Working Outside the Home

The expansion of the textile industry and the growing supply of inexpensive cloth changed Vermont women’s lives dramatically. Young women, previously crucial to home cloth production, found that their skills were no longer needed. But because weaving was still viewed as women’s work in America, the textile mills recruited hundreds of Vermont farm girls to be laborers. Other young girls found work in the familiar role of housekeeping. Many women taught school, another occupation that was seen as a natural extension of their feminine role. Though countless young girls put in a few years of work for wages, most still expected to marry, raise children, and make a home.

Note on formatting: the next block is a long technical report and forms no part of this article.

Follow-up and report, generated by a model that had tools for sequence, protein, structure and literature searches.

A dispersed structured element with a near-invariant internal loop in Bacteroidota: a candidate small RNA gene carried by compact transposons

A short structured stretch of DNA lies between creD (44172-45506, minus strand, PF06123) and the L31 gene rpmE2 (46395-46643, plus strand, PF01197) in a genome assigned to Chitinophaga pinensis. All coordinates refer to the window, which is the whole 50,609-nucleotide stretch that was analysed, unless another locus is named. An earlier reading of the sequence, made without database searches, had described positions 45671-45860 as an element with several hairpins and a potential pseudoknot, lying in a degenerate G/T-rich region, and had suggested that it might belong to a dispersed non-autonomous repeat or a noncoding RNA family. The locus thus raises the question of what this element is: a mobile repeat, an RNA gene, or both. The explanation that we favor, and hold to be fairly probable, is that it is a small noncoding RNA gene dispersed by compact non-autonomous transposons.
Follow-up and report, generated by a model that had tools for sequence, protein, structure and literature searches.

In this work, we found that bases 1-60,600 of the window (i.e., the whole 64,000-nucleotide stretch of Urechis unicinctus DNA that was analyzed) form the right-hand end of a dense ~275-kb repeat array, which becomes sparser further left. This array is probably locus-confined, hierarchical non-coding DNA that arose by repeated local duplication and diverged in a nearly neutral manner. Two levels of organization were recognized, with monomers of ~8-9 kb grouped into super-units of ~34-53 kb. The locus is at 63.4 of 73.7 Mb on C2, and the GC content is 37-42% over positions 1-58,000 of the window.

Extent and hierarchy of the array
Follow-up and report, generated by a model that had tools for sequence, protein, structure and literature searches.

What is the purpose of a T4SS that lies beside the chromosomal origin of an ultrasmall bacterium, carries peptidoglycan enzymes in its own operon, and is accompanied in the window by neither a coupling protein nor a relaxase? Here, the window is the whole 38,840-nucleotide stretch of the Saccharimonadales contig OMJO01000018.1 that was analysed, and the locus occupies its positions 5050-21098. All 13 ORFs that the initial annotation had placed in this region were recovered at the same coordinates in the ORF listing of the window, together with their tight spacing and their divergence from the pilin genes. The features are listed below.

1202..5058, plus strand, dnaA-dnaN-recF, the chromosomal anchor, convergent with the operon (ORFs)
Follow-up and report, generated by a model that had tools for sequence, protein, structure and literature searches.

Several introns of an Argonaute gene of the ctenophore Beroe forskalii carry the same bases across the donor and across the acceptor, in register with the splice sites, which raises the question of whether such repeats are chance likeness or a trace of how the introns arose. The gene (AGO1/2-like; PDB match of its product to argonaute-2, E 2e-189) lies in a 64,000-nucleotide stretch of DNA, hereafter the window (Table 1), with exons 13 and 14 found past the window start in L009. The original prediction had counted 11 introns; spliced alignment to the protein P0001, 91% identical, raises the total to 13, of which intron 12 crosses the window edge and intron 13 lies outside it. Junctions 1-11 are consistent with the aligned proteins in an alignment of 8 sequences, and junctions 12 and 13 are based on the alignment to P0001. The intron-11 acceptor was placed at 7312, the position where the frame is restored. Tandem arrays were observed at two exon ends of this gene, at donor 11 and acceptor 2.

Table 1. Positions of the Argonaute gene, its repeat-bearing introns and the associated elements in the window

Illustration showing the looms at the Merrimack Manufacturing Company, in Lowell, massachusettes.






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